The hotel had many unique offerings for the time, one of which was private bathrooms, the other, as noted in the guide book description, an elevator. This elevator, which was designed by Otis Tufts, was the second successful passenger elevator ever developed.
Elisha Otis installed the first modern elevator in 1857 at 488 Broadway. Elisha Otis’ elevator which was based on a cable system, was the one that would catch on with the public. Otis Tufts complicated screw designed elevator was lifted by a large hollow screw and would eventually prove ineffectual because it was useful only in buildings that were a few stories in height.
The hotel suffered its greatest disaster on December 10, 1872 when a fire broke out killing twenty two hotel servant girls and causing over $100,000 worth of damage. Sixteen of the dead girls were found together in one small room. The stairway outside the door to this room was on fire, making escape impossible, except by a window inside the room which lead to the roof. But the girls were smothered and roasted to death. The window was barred.
President’s of the United States since Lincoln had stayed or lived at the hotel including Grant, Garfield, Hayes and Arthur.
The Fifth Avenue Hotel also had “The Amen Corner” (which were actually two corners) in the western end of the lobby, where Republican Boss Thomas Platt frequently held meetings. Every Republican candidate for governor since 1868 was decided by the political bosses meeting at the hotel. The two stories to the origination of “The Amen Corner” are somewhat similar. The Republican leaders would tell their subordinates what to do and they generally did it without question, hence the name “Amen Corner.” The other explanation is that no legislation or idea could pass without Platt’s “amen.”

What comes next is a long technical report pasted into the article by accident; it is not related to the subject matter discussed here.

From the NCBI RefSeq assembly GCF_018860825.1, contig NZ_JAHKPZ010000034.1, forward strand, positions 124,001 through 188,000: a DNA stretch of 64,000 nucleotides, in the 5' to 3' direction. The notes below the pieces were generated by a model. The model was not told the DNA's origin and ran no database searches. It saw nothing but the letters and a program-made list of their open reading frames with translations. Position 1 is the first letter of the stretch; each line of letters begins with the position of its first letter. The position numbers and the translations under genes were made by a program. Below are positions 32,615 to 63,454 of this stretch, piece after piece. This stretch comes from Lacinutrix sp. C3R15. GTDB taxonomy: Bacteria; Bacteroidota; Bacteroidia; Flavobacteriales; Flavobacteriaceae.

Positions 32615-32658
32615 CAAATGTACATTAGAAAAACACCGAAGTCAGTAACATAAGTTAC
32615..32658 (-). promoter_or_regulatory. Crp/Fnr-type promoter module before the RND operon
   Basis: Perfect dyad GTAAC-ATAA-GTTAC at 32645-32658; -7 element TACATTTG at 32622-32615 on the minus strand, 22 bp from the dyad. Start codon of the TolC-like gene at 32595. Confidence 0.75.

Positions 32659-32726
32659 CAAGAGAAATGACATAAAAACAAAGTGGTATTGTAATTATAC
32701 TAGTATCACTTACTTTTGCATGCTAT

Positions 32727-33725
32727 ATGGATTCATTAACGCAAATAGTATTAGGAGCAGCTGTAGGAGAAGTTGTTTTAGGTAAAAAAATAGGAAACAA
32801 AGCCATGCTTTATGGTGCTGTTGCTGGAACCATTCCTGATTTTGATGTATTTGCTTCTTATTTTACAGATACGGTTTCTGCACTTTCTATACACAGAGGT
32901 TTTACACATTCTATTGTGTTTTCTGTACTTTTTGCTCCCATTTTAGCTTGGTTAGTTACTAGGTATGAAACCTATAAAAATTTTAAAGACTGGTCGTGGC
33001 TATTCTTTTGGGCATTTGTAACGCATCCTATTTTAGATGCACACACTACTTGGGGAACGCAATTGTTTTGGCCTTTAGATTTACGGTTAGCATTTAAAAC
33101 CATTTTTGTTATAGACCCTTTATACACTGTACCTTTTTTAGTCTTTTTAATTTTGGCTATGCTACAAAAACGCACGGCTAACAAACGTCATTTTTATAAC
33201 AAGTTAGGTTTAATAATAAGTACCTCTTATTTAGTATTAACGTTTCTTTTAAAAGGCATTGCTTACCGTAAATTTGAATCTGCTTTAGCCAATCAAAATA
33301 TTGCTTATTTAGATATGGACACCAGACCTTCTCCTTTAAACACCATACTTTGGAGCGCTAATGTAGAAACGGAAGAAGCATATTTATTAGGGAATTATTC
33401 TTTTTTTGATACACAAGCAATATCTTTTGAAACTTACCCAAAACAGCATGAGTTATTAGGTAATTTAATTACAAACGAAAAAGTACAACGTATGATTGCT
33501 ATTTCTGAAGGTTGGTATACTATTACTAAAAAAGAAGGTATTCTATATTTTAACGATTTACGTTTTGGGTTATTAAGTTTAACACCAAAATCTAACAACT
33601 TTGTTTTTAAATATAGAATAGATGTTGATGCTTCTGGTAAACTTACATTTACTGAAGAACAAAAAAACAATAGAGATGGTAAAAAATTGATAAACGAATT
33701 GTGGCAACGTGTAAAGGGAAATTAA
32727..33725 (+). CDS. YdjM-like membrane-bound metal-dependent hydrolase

By 1907 the hotel center of the city had moved one mile north of Madison Square and the land that the Fifth Avenue Hotel sat upon would be more valuable if developed as a skyscraper. The Eno family which owned the property announced in 1907 that they would build a $10 million dollar, 24 story office building on the site as soon as the lease to the hotel expired the following year. The hotel closed at midnight on April 4, 1908 although the Second National Bank continued operating in the building until July 6th of that year.
The building was soon after demolished and rapid progress was made in the construction of The Fifth Avenue Building as it was to be known. The building was designed by the architectural firm of Maynicke and Franke and was opened on May 1, 1909. It ended up being only fourteen stories in height and was the largest office building in terms of ground area covered with the exception of the Metropolitan Life Building located on the opposite side of Madison Square.
The building became known as “The Toy Center of the World” because so many of the tenants were in the toy or novelty business.
The building had a reputation for being well maintained and retaining its solid location when the Eno heirs finally sold it in 1950 to a syndicate of investors headed by Lawrence A. Wien for around its assessed value of $6.6 million dollars.
“Eno’s Folly” had turned into a bonanza for Amos Eno’s descendants.
The “Toy Center Building” as it is now known, was given landmark status by The Landmarks Preservation Committee in 1981. Over the years most of the toy companies that were based there, have left due to battles with past building landlords.
After many changes in ownership, J.P. Morgan now owns a 90 plus percent stake of the building. They paid $700 million dollars to Lehman Brothers in June of 2011 for control of the building.